Harlequin Summit 2013
Yesterday, Book Thingo bloggers were fortunate enough to be invited to Harlequin’s first blogger summit. Decadence, Envyious, Jen and I (we missed you, Wandergurl!) attended the event, which was held at Harlequin HQ at Chatswood. It was a surprisingly intimate event, with opportunities to meet the team at Harlequin, as well as guest author Rachel Vincent, who stopped by Sydney on her way to Brisbane for the Australian Romance Readers Conference (ARRC).
I haven’t heard of any other publishers who have done anything similar to the Harlequin Summit, so it was quite interesting to be part of this event. I was also surprised at the large turnout, with a number of people—Envyious and Jen included—traveling interstate for the occasion.
I made some notes, but most of the presentations centred around Harlequin’s pipeline and teasers about the books, so I’m just going to list those, and you can check out the blurbs for yourselves. Afterwards, Rachel Vincent gave a talk (highlights below) and then was generous enough to sign our books.
Harlequin community page
Harlequin Australia launched a community page, which brings together tidbits from their Twitter stream, Goodreads reviews of their books, videos from their YouTube channel, photos from Instagram, book extracts, and memes and games related to books. Every month they’ll feature a book blog, and I’m chuffed to say that Book Thingo is the featured blog for this month. :-)
Key titles coming up for Harlequin Mira
Saving Grace by Fiona McCallum (April) — In 2012, MacCallum was Harlequin Australia’s best selling author, and her book, Wattle Creek, was included in the Get Reading! guide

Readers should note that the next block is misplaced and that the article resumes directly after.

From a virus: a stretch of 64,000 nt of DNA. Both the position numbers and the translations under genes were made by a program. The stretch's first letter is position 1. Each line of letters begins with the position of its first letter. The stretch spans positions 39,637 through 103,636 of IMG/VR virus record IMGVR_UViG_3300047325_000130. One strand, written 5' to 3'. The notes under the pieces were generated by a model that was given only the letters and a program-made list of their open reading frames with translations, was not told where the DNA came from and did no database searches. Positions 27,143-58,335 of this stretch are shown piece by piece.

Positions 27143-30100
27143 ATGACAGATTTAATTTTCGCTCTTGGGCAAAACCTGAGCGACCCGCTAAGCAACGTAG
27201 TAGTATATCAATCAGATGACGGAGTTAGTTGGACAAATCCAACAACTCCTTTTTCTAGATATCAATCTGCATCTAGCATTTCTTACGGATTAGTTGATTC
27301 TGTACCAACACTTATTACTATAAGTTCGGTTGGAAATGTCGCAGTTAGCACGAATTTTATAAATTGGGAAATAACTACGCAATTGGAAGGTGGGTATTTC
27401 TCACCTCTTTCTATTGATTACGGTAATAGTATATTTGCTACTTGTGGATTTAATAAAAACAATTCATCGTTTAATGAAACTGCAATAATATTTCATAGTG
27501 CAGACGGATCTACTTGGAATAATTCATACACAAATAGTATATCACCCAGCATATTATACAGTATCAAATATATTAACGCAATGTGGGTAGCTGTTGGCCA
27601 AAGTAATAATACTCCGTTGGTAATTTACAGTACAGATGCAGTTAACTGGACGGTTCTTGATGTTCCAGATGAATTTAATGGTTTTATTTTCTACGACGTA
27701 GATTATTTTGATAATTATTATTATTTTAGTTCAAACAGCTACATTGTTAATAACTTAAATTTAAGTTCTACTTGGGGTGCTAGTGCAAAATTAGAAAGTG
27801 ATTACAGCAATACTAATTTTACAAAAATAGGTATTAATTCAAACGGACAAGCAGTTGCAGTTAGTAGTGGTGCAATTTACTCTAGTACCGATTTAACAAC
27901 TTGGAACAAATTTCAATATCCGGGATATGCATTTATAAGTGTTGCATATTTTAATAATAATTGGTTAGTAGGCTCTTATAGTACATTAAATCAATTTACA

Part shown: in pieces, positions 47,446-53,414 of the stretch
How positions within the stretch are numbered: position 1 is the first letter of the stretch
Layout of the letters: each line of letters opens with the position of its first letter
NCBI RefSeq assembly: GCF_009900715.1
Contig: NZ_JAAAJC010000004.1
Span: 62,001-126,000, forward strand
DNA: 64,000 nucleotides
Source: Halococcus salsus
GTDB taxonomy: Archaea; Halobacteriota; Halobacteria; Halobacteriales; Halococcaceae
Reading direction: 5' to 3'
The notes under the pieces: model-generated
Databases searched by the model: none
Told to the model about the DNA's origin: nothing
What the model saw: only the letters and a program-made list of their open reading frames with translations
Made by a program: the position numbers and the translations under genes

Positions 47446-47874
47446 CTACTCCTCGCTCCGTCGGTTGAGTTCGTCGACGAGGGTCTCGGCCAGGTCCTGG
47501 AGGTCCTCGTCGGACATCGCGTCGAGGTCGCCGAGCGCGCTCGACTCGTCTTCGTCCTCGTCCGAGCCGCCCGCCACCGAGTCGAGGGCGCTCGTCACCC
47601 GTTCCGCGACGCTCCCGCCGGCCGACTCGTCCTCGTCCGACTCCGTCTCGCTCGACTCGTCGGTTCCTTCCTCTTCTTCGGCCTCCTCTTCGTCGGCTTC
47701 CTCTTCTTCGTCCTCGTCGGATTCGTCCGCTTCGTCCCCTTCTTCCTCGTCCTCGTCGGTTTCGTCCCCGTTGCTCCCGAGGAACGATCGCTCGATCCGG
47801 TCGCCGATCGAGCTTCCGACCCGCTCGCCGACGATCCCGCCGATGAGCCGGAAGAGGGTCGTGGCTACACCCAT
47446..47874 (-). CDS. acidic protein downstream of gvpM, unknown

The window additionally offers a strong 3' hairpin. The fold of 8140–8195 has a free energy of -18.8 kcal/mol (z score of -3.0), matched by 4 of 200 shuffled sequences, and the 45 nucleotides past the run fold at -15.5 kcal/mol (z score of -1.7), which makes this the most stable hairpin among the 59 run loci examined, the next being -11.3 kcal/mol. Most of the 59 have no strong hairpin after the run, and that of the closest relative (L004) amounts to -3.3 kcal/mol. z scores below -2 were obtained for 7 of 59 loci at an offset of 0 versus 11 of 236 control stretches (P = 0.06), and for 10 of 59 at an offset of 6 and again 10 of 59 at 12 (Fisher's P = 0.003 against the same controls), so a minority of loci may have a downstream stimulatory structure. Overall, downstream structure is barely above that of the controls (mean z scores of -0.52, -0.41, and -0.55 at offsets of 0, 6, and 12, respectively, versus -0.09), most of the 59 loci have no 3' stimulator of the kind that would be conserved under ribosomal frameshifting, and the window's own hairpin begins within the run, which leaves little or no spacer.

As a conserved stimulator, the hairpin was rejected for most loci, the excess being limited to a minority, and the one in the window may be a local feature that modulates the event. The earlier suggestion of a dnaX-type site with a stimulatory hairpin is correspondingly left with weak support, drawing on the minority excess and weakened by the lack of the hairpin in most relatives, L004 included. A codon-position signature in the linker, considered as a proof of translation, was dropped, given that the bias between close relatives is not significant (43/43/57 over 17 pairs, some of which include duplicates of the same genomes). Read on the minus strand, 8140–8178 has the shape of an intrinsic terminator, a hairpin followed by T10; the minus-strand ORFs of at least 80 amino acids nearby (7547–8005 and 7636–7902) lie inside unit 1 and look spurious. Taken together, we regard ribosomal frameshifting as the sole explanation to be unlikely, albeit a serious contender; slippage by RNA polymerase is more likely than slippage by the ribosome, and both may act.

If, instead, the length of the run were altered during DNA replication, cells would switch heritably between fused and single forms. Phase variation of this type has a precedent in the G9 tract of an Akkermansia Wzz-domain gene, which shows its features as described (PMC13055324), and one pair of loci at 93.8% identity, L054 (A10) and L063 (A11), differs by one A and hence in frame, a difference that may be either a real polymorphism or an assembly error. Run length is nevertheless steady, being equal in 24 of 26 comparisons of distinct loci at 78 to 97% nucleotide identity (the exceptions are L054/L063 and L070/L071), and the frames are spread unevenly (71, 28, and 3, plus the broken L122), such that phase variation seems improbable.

The Returned by Jason Mott (September) — A high concept novel piloted for TV by Plan B, Bratt Pitt’s production company; the book trailer for this one was really good
Outback Dreams by Rachael Johns (October) — You can read my review of Johns’s first novel here (which is blurbed on the cover of her second novel :D)
Key titles coming up for Harlequin Spice
Harlequin Australia will also be releasing books under the Spice line. I love the tagline: ’50 shades hotter than grey’. Titles for this line include:
Deeper by Megan Hart — I believe titles from Hart’s backlist will get a local print release (the covers are black with a picture of a flower)
The Mistress by Tiffany Reisz (August) — I haven’t read this series (Envyious is our Reisz reviewer—her review of the first book is here), but every time it comes up in conversation everyone tells me to read it
A slide of titles from Escape was shown, but there were too many books for me to type. You can check out their current releases here.
Key titles coming up for Harlequin Teen
A Wicked Kiss by Michelle Rowen (March)
The Goddess Inheritance by Aimee Carter (March)
With All My Soul by Rachel Vincent (April) — Final book of the Soul Screamers series
The Eternity Cure by Julie Kagawa (May)
Dare You To by Katie McGarry (June) — Beth and Ryan’s story
Ink by Amanda Sun (July) — Story set in Japan by a debut paranormal author
Confessions of an Almost-Girlfriend by Louise Rozett (July)
Banished by Nicola Marsh (August) — Some of you may be familiar with Marsh, as she also write adult romance fiction
Enmity by Evelyn Andrews (September) — Dystopian story by a 20-year old Australian author
Highlights from Rachel Vincent’s talk
Rachel Vincent spoke at length about her books, and it was very interesting to listen to how she writes books, because I found her very different to many other genre authors I’ve heard. To me, her approach to writing is a much more traditional? classical? literary?—I’m not sure how to describe it—approach, with an emphasis on her development as a writer rather than a pre-occupation with the worlds she creates. I mean, she still came across as an author who is deeply attached to her characters, but not obsessed with them. (This, I think is the reason she is able to end her series. More authors should take this approach!)